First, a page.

Good Citizens: Local DAR recognizes students and teacher

Published 7:00 am Wednesday, February 17, 2016

Cassandra Favre | Picayune Item 2016 good citizens: From left, Rachel Smith, Victoria McMurray, Connie Gore and Jakub Hill.  Photo by Cassandra Favre

Cassandra Favre | Picayune Item
2016 good citizens: From left, Rachel Smith, Victoria McMurray, Connie Gore and Jakub Hill.
Photo by Cassandra Favre

Saturday, the Picayune Chapter of the Daughters of the American Revolution recognized three graduating seniors and one U.S. History teacher for their leadership, dependability, service and patriotism.
Members of the DAR are dedicated to preserving the history of the American Revolution and its events by promoting restoration and preservation projects, DAR member Margaret Anne Ulerich said.
Each year, a senior from each of the high schools in Pearl River County is selected by their teachers to receive the DAR’s Good Citizens award.
Victoria McMurray attends Poplarville High School and is the daughter of Joy and Harvey. She maintains a 4.0 GPA and is also dual enrolled at Pearl River Community College. Her activities include student council, Jr. Beta Club, Beta Club, First Priority, prom committee, National Society of High School Scholars, band, band council and NASA’s Girls Excited about Math and Science program. She has been on the all “A” honor roll since kindergarten. She is a member of the quilting and square dancing club and volunteers as a Braille Bible builder during school holidays. She also volunteers at the local nursing home and church. This June, she will be participating in an overseas mission to Paraguay.
“History is one of my favorite subjects because we can learn from past mistakes,” McMurray said. “There’s so much to learn from history.”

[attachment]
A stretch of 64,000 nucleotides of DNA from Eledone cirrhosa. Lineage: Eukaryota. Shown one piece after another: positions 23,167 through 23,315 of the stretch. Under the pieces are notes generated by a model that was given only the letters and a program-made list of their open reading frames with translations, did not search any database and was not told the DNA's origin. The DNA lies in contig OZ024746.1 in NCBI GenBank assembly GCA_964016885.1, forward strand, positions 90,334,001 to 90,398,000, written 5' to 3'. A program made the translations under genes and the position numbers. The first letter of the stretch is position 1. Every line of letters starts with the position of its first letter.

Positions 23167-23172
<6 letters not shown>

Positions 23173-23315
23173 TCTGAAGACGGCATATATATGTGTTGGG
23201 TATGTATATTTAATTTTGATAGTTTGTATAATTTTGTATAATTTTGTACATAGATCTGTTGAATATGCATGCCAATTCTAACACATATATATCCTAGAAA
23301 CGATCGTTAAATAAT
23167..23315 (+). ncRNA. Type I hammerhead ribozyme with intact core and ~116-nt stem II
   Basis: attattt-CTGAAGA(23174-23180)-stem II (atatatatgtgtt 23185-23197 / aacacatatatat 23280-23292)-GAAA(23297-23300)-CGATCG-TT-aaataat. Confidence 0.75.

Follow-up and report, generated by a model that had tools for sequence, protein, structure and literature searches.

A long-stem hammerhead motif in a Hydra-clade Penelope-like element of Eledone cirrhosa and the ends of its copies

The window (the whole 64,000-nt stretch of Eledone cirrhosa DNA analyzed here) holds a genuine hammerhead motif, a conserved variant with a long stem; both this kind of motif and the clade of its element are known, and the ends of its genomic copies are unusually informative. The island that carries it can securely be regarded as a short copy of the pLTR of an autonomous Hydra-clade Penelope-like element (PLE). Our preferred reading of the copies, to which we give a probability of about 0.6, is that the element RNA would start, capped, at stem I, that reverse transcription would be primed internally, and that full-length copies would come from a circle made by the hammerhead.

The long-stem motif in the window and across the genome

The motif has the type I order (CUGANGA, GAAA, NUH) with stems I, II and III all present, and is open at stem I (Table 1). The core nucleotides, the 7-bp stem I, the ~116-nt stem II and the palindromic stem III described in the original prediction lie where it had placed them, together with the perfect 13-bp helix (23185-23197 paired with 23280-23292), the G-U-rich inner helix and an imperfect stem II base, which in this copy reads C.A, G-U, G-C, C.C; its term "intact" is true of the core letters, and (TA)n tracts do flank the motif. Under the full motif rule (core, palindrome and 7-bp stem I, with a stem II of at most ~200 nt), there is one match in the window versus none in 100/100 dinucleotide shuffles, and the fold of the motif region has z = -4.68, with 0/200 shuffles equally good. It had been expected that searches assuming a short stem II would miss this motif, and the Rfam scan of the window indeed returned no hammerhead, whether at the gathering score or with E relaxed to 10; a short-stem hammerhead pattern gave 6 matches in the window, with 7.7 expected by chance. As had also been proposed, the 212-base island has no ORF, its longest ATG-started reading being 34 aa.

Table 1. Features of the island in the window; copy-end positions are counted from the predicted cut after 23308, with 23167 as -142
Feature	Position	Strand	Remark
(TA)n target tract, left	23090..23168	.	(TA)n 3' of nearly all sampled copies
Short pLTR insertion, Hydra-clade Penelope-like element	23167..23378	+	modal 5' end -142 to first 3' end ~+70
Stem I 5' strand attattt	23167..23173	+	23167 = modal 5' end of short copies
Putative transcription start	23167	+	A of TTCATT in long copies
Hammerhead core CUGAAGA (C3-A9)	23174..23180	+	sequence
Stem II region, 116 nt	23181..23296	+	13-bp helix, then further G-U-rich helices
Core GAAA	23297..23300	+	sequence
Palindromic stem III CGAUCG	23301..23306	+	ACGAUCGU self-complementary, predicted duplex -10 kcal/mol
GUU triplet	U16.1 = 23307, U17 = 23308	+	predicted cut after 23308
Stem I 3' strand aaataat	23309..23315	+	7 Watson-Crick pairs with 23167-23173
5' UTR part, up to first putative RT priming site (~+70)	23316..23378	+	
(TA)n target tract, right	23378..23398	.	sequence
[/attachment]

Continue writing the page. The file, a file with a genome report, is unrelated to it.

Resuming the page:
McMurray plans to dual enroll at Indiana University and Indiana Bible College to study elementary education and missiology. She plans to teach overseas.
Jakub Hill attends Pearl River Central High School and is the son of Bonnie and Ben. He is a member of the school’s NJROTC, Beta Club, National Honor Society, Rotary Interact Club and the Key Club. He is the recipient of many awards including the Sons of the American Revolution Leadership, Distinguished Cadet, Teddy Roosevelt Model Leader and the School Citizenship award.
He participates in many community service projects including city cleanups, Special Olympics and Manna Ministries. He is also a Bridgeway Apartments Friend.
“It’s very humbling, being so young and chosen for this award,” Hill said. “History can shape a country and the DAR talks most about the revolution and how it shaped our country economically and as a people.”
Hill plans to attend the Naval Academy in Annapolis, Maryland and study biochemistry. He plans to stay in the Navy for about five to six years and use his GI bill to attend medical school and continue his career in the Navy as a doctor.
Rachel Smith attends Picayune Memorial High School and is the daughter of Leah and Douglas. She is employed at Fortenberry’s Slaughter House. Her achievements include the Jessie Stewart Code of Ethics award, honor roll, cheer team captain, president of National Honor Society and an ACT award for a 29 composite score.
Her volunteer experience includes the Glow Run for Cancer, Veterans Day assistant, Walmart school supply drive and Special Olympics. She is also a member of cheer, track, cross-country, softball, National Honor Society, student council and the National Society of High School Scholars.
“I’m really honored and it’s a great opportunity,” Smith said. “My family and I really support what DAR stands for. They defend the Constitution and the people’s rights. Today, as things change, people think we should change the rules of society with time. A lot of what is written in the Constitution is what our nation was built on.”
Smith plans to attend the University of Mississippi and study forensic science.
The 2016 Outstanding Teacher of American History in Pearl River County was Pearl River Central Middle School seventh and eighth grade social studies teacher Connie Gore.
Gore also won the state honor of the same award and will represent the state in Jackson this week.
She has been teaching since 2007 and believes it’s important her students know and understand the impact history has on people.
“It’s very humbling anytime you get honored for doing something you love,” she said. “You don’t teach for honor, you teach for outcome.”

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